Finding Freedom

Many years ago I attended a women’s conference put on by Linda Pender, called Passport to Freedom.  It was a local conference with many churches represented and I knew or was in relationship with many women who were in attendance.  At the end of Linda’s teaching session, she gave an invitation for prayer and she said, “I would like to invite all women who have been sexually abused in this room to stand.  Many stood, and she repeated the invitation.  A few more responded and stood.  My heart was absolutely pounding in my chest but my body was glued to the seat.

There was no way I was going to stand up in front of all my friends and own the fact that I had been abused for a number of years as a child.  There was no way I was going to wear that label.  I wanted to keep the façade that I had it all together and I worked very hard to mask the truth through many means one being perfectionism.  But beneath the surface of my life was powerlessness, anger which often turned to rage and a deep seated fear of emotional pain.  A spirit of fear also controlled me for many years of my life. The invitation came to stand for the last time.  She said there is another woman here that needs to be standing. I knew it was me and I stood and for the first time owned my pain.  My journey into healing and authenticity began that day with that big step out of “denial.”

There are many forms of denial but you will have to come to Freedom Session to learn what they are.   A simple definition of “denial” is a rejection of/or unwillingness to believe the truth about whatever.  God caused me to take a long and painful look at the truth.  The scripture says:   You will know the truth and the truth will set you free.  Jesus Christ and Christianity is all about living in truth.  The problem is we don’t want to face the truth because we are afraid of the pain.  Basically denial keeps us from facing the pain.  So we erect shields around our hearts to protect ourselves.  If I work hard enough… If I look good enough… or I became very busy for God… serving, doing.  But these shields cause us to hurt others and keep God out.  I realized as I embraced this healing journey God was trying to reach me through the pain of an abusive past.

Pain is God’s way of telling us something is wrong and needs to be dealt with.  But what do we do?  We stuff it, minimize it or numb it out with our “drugs of choice.”  We are not just talking about drugs and alcohol.  Consider what you run to escape pain or avoid conflict.  TV, food, work, blaming, performance, avoidance, pornography, people pleasing, perfectionism, social media, our hobbies, rescuing, ministry… and the list goes on and on.  Pain is God’s megaphone to us.  He wants us to feel the pain so we will recognize something is wrong and deal with it so we can be free in our relationship with God and others.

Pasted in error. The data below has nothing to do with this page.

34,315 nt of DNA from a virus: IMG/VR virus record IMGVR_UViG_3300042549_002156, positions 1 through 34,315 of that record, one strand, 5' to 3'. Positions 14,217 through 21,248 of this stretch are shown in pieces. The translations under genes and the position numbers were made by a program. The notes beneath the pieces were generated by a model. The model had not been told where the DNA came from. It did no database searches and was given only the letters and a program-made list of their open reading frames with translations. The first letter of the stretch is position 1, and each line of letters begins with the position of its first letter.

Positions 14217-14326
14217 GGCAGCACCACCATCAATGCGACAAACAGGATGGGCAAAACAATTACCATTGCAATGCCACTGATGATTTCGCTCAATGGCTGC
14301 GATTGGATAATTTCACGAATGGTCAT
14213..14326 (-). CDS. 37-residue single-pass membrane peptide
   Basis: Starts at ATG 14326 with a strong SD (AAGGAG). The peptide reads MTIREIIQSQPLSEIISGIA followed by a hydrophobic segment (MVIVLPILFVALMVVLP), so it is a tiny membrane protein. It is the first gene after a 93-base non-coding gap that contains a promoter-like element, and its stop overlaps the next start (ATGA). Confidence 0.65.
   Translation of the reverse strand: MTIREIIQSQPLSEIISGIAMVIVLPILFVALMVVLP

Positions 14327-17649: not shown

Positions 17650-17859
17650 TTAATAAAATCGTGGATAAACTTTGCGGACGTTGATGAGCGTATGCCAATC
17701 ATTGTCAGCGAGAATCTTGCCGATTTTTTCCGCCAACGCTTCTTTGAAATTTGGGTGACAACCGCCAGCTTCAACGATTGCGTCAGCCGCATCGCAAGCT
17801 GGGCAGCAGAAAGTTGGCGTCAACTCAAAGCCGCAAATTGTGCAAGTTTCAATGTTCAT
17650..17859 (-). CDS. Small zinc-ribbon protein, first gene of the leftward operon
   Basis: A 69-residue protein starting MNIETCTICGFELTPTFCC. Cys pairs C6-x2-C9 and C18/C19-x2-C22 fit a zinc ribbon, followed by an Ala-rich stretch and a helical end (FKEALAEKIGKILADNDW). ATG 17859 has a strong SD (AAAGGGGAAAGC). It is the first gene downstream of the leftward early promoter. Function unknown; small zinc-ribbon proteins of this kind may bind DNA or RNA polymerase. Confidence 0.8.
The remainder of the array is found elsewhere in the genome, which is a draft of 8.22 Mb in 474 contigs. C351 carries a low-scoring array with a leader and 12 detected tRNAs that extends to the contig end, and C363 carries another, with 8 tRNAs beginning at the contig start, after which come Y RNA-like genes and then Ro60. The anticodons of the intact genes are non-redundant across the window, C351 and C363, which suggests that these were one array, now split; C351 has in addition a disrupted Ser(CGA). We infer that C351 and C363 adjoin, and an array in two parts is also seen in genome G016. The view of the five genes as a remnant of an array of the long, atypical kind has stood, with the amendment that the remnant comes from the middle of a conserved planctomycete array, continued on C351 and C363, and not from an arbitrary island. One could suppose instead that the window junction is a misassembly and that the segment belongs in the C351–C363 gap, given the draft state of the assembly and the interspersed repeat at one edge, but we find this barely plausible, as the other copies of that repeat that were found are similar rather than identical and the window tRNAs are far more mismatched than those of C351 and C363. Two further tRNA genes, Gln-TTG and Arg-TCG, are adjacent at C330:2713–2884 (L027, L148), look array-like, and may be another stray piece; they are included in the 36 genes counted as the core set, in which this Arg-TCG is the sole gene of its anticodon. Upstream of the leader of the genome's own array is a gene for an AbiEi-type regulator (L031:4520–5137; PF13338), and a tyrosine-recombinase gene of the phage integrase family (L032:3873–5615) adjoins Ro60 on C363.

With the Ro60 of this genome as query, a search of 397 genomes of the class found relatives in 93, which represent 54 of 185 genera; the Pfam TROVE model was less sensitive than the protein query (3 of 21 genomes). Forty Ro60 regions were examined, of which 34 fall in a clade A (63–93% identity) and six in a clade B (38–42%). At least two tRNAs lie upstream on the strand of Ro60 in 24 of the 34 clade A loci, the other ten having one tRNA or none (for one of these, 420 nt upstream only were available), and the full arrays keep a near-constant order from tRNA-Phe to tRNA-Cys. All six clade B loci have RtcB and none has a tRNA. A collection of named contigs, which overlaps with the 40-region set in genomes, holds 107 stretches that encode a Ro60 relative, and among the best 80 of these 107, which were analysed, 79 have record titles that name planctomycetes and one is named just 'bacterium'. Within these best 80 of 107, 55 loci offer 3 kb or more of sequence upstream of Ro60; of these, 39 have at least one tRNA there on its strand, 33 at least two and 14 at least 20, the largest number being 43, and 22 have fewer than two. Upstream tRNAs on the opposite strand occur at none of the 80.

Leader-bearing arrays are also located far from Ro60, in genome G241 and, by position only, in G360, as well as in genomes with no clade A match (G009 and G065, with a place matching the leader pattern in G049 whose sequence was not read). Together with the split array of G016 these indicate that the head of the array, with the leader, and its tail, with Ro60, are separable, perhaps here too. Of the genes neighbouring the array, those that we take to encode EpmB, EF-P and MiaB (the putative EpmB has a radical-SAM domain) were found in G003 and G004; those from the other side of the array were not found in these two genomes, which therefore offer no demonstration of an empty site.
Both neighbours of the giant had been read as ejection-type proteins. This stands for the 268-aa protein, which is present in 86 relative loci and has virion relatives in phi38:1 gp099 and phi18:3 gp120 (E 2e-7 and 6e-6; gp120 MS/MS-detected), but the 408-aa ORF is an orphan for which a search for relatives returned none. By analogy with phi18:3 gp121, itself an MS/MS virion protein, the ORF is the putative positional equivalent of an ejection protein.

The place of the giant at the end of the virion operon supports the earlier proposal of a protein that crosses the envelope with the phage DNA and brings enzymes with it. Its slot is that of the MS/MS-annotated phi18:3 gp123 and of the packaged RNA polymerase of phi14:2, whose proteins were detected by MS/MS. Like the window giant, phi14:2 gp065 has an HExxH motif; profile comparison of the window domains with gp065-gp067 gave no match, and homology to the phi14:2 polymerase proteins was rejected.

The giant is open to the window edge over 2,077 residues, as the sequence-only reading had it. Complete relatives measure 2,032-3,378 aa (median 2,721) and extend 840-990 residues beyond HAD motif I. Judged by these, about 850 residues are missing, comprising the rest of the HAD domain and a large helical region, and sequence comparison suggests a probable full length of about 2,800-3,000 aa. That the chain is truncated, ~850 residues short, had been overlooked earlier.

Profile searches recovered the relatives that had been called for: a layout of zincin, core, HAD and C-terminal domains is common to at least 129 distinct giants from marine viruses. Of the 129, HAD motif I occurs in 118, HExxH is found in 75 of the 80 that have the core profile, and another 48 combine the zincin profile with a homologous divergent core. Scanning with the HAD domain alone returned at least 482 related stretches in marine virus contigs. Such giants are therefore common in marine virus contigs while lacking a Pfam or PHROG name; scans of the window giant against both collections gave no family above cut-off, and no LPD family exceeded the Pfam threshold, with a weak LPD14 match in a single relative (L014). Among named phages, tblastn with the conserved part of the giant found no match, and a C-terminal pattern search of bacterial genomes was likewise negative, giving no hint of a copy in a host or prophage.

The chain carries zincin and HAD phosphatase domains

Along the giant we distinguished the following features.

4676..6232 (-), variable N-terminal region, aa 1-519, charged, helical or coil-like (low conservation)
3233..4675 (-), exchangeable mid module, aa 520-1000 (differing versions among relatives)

Shame was also a huge factor in my inability to be honest about who I was and the pain I had suffered and was still suffering.  Dr. Allender describes shame as being a “hemorrhage of the soul.  Shame produces a pressure to perform and an intense desire not to fail.”  Shame also causes us to hide from others and God.  What if I admit it.  Then what I fear must be true and the dark secret is out.  So we hide in denial… afraid of rejection.

Then there is the issue of trust.  When trust is broken in the foundational years it affects our ability to hold our heart open to God and others.  Something deep inside us reacts to deception and betrayal and it inevitably deepens hatred for ourselves.  It also distorts our view of a loving God.  Simply put “abuse provides the raw data that seems to prove that God is not good.”

Through pain we develop a hunger for change.  We change when the pain of staying the same becomes greater than the pain of changing.  Change is always a process but we rarely take the time to look deeply into our heart.

Proverbs 4:23 says Guard your heart for it is the wellspring of life.  Most of us don’t know how to guard it.  I know I didn’t.  That’s what we are doing at Freedom Session.  We are taking 30 weeks to look deeply into our heart and deal with the things in our past that keep us stuck in the present.

Becoming a Christian doesn’t erase the past.  God heals the pain and erases the guilt and condemnation but He allows the weaknesses and scars to remain so that we will seek Him and desperately realize our need for a Saviour.  He will use your weakness to draw you closer to Him and bring beauty out of ashes… that He might be glorified.


-Leigh-ann Harris

Freedom Session Director